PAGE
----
Hold On!

Hold Up

Please select a minimum of three sectors in the menu above.

Got It
  • Why is doing laundry such a chore?
  • Why is doing laundry such a chore?
    Christine Cheung, Creative Commons (2010) ©
CASE STUDY

LG Twin Wash: doing loads of laundry in half the time

More than half of Brits struggle to find time to maintain a house whilst juggling work and a social life. LG claims that with the Twin Wash, laundry is one chore that'll take half the time. As convenience becomes the ultimate luxury, will people be willing to pay a premium price for it?

Location Global

Scope
“A husband who does the laundry,” speculates feminist author Sheryl Sandberg, “is very romantic when you're older. It's hard to believe when you're younger, but it's absolutely true.” What better way of illustrating how loathsome the task is? 

And with the help of longer working hours, advanced technologies and increasingly balanced gender roles, women are spending less time on housework than ever. In fact, since the ‘60s – when women spent an average of 44 hours on domestic chores weekly – that figure has more than halved to 18 hours. [1] But why should it ...

Canvas8

Related

  • Article image Everlane: ‘Radical Transparency’ for savvy millennials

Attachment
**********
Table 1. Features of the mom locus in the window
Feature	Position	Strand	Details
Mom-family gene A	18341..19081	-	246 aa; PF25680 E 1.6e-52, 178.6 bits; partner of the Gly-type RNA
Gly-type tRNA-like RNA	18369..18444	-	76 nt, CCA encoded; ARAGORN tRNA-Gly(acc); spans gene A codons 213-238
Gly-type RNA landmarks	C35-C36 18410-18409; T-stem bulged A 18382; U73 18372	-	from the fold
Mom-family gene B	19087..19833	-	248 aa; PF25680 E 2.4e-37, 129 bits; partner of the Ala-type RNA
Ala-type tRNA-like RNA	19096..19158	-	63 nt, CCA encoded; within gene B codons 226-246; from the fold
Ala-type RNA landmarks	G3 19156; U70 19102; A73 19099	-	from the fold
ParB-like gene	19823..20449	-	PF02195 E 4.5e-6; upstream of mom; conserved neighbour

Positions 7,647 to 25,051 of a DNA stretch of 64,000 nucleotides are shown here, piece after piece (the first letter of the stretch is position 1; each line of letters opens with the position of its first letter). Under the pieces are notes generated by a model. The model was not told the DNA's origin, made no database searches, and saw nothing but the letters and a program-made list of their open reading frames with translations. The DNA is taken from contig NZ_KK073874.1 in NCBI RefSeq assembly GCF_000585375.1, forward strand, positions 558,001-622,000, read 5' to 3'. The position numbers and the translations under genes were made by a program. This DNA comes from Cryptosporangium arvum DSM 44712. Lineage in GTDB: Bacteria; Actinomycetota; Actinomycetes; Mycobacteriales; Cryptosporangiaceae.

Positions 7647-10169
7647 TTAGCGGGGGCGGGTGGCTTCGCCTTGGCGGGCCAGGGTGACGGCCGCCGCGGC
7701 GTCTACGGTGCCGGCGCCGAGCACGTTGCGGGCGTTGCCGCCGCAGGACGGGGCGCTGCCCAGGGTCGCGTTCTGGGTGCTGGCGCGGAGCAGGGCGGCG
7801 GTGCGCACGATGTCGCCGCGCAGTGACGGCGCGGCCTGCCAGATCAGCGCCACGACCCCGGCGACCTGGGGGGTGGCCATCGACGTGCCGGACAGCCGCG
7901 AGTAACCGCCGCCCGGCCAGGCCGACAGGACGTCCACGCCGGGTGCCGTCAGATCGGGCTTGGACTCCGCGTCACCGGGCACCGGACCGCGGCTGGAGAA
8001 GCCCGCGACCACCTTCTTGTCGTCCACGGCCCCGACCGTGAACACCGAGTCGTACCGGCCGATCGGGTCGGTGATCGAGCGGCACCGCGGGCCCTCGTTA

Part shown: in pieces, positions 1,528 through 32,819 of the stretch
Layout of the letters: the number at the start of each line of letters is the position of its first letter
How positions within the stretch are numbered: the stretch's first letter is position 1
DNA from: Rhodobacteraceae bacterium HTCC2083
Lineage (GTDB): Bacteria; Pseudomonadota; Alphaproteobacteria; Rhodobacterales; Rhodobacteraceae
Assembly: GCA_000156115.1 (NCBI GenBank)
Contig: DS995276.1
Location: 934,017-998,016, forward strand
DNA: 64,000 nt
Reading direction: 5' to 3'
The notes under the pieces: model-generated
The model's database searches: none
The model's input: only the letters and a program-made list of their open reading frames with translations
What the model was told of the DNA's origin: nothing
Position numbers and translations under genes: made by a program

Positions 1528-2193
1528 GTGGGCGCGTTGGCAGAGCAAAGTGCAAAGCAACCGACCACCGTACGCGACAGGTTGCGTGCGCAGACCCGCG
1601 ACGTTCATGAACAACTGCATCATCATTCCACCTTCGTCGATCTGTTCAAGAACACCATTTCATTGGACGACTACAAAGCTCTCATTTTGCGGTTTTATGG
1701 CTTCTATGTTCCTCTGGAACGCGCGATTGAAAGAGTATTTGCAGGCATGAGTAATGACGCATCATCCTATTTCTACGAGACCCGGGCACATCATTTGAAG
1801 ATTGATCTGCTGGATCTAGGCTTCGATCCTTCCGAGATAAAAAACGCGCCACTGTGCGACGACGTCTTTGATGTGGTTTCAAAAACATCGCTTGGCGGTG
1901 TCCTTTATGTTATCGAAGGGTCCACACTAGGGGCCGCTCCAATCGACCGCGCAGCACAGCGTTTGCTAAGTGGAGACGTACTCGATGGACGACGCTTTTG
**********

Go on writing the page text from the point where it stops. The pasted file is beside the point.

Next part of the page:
Beautiful craftsmanship and fine fabrics aren't cheap, especially given the 800% markup between factory and shop floor. But now that US start-up Everlane is cutting the middle man to make ethical premium clothing affordable, its ‘radical transparency’ could really shake things up.

  • The decline of domestic skills The decline of domestic skills

    Doing the laundry is a chore, especially if you have no idea how to do it properly. A study into basic clothing repair and laundry skills in the US has found that, when compared with previous generations, Gen Y don't know anything about laundry. But why?

  • Article image Is treasuring the new materialism?

    ‘Til death us do part’ is usually reserved for weddings. But as sustainability becomes a bigger concern, it could be applied to our prized possessions, from cashmere jumpers to iPhones. But how achievable is this in a world where acquiring and upgrading are the status quo?

  • Article image Without Walls: a love affair with lycra

    Yoga products are worth $27 billion annually in the US. And while it's true that the number of people practising yoga – predominantly women – has increased by 20% in recent years, that doesn't explain why sales of yoga wear are up 87%. Are yoga pants set to become the next Levi's 901s?